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Having already spent nearly a quarter million dollars between them, the candidates for the 1st District county supervisorial seat headed into the fall election with diminished bank accounts.

Predictions — and election history — suggest a long, costly contest encompassing east Santa Rosa and the Sonoma Valley. And indications are that what has so far been a hard-fought race will again veer into hostile tactics.

"I think it's going to heat up considerably," said Brian Sobel, a Petaluma-based political consultant.

Santa Rosa City Councilwoman Susan Gorin had the most cash on hand at the start of the July, with $12,724. Between May 20 and June 30, a period that included the June 5 primary, she spent more than twice what she raised, $29,498 versus $12,540, the latest campaign finance statements show.

"We satisfied our fundraising goals and we raised some extra on top of that," Gorin said, "so we have some cash going into the general election."

Her rival, Santa Rosa Councilman John Sawyer, reported just $683 left on July 1, despite loaning his campaign $16,300. The loan, he said, went to combat a late surge of negative mailers from an independent expenditure committee aligned with Gorin.

"That was a direct response ... and not one I planned for," Sawyer said.

Not including the personal loan, Sawyer raised $17,249 over the 42-day period. He spent $42,704.

In the June primary to replace outgoing Supervisor Valerie Brown of Sonoma, Gorin and Sawyer finished in a virtual dead heat as they took the top two spots out of six contenders to qualify for the runoff. Gorin was ahead by 186 votes out of 27,811 cast.

In Gorin's fundraising report, most of her contributors were individuals, including Sonoma resident Theodore Eliot, an advisor to the county Open Space District and a former ambassador to Afghanistan, and Kumari Sivada, an activist with the Sonoma County Alliance for Medical Marijuana.

But just over half of what Gorin brought in, $6,465, came from independent expenditure committees.

They included the progressive Concerned Citizens for Santa Rosa, which gave her $2,625; Noreen Evan's state Senate campaign committee, $1,000; the sheet metal workers union local, $1,000, and the county Democratic Central Committee, $1,000.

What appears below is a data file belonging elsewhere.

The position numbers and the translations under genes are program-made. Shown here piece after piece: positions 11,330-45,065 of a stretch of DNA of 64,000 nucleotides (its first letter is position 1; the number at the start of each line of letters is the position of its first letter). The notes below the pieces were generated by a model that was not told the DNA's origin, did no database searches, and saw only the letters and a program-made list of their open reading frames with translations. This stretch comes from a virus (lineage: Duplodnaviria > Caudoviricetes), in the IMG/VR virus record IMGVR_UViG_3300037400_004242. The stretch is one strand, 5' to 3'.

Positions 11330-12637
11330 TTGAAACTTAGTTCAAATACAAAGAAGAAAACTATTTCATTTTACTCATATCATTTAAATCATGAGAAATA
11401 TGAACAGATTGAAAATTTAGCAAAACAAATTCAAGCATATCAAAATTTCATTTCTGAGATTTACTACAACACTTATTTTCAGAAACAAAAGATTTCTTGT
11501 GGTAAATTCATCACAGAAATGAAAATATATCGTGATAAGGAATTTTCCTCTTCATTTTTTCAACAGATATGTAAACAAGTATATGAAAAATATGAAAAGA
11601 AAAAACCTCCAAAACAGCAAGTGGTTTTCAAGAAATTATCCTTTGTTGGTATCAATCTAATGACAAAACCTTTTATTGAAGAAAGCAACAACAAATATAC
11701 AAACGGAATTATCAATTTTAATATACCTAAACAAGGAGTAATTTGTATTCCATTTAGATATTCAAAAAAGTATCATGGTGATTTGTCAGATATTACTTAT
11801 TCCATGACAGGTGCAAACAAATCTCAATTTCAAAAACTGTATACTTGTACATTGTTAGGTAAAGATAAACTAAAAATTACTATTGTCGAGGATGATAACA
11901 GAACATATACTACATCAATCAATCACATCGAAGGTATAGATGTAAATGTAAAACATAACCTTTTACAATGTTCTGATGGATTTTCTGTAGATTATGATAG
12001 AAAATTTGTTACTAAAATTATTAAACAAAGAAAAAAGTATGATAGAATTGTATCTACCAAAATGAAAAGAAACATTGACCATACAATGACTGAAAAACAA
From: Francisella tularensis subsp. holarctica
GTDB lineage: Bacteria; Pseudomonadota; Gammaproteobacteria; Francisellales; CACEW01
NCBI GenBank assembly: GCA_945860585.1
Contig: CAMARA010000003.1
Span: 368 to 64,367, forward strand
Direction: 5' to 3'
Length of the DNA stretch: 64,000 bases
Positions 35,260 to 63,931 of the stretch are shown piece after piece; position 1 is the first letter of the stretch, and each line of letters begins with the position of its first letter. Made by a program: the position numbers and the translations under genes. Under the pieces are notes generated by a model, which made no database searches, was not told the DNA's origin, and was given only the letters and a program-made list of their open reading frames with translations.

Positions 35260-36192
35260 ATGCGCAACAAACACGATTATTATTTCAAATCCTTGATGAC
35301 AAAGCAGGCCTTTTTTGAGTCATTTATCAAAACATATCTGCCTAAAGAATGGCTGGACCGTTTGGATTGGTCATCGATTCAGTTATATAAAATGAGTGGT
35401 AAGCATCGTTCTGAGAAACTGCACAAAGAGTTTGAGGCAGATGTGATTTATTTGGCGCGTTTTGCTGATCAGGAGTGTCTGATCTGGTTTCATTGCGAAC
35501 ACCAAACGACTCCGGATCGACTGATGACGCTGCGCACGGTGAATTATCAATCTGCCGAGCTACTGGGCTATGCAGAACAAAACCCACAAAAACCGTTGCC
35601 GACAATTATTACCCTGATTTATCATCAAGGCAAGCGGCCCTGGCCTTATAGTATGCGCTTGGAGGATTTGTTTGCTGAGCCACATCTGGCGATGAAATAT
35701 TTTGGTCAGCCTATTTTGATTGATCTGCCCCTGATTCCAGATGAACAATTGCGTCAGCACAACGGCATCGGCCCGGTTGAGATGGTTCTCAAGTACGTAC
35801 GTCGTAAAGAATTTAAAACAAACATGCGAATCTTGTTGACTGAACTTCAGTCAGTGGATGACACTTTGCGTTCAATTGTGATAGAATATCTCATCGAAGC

Sawyer's campaign raised $14,250 of the $17,239 it brought in from eight independent committees. He had 18 donors, including Deputy District Attorney Jill Ravitch, who gave $100, and fellow Councilman Scott Bartley, $250.

Independent committees backing his campaign included the Sonoma Law Enforcement Association, Sonoma County Alliance, a group of business, agriculture and labor interests, and California Real Estate, each contributing $2,625. The North Bay Leadership Council and the Building Industry Association of the Bay Area each gave $1,000.

"Susan has rainmakers on her side, labor, some environmental groups," said Sonoma State University political scientist David McCuan. "But Sawyer has those on his side as well, the public safety groups, those folks in Santa Rosa's business community."

The most expensive supervisorial campaign yet was the 2010 2nd District contest between Petaluma councilmembers Pam Torliatt and David Rabbitt, the eventual winner.

Rabbitt and Torliatt spent a combined $706,000. That amount does not include what independent committees put into the election.

Neither Gorin nor Sawyer said how much they have raised since — but both "should be loading up at this point," said McCuan. "It's going to be fought early, it's not going to wait until the typical Labor Day kickoff."

Read all of the PD's fire coverage here

Together, the two campaigns went through $238,867 from Jan. 1 to June 30. Gorin, who earlier loaned herself $10,000, had spent $107,863 and Sawyer $130,998.

McCuan suggested the winning candidate will have to spend in the neighborhood of $100,000 more.

But Gorin's campaign consultant Terry Price said that was far too low.

"I would anticipate that Sawyer would probably spend closer to $200,000," Price said.

For her part, Gorin said, "It's not my big goal to match John Sawyer dollar for dollar."

She said she is relying on a "field campaign" and that many of her small donors — 27 of her 41 contributors in the latest report gave her $200 or less — volunteer to make campaign telephone calls, canvas precincts or send emails.

"My goal is not to raise big contributions and throw money at the election, but to use our resources very carefully," she said.

Sawyer said that Price, in forecasting a steep campaign price tag, was, perhaps, tipping his hand.

"Maybe it's a suggestion that I'm going to need to spend a large amount of money defending myself," he said.

As for his own fundraising, he said, "Are we on track in our current expenses? Yes. Do I have enough money in the bank to finish the campaign? No. That's what we're working on now."

A dearth of other close, local races, and the distance between the two candidates' platforms, will benefit both candidates' fundraising efforts, McCuan and Sobel said.

"The 1st District is going to become a magnet for all kinds of money that's out there, so the heat in that race should get pretty negative," McCuan said.

"It's the marquee race in the county," said Sobel. "Anybody with an interest in either the platform of Gorin or Sawyer will be compelled to give money to those campaigns."

Sawyer's campaign consultant Rob Muelrath indicated that his candidate, stung by the primary attacks he blames for his second place finish, will play hard offense.

"The public doesn't know anything negative about Susan yet," Muelrath said. "Will they? Probably. Will it hurt her? Probably. But then again, there's going to be things coming out against John. It's going to be a fight to the finish."

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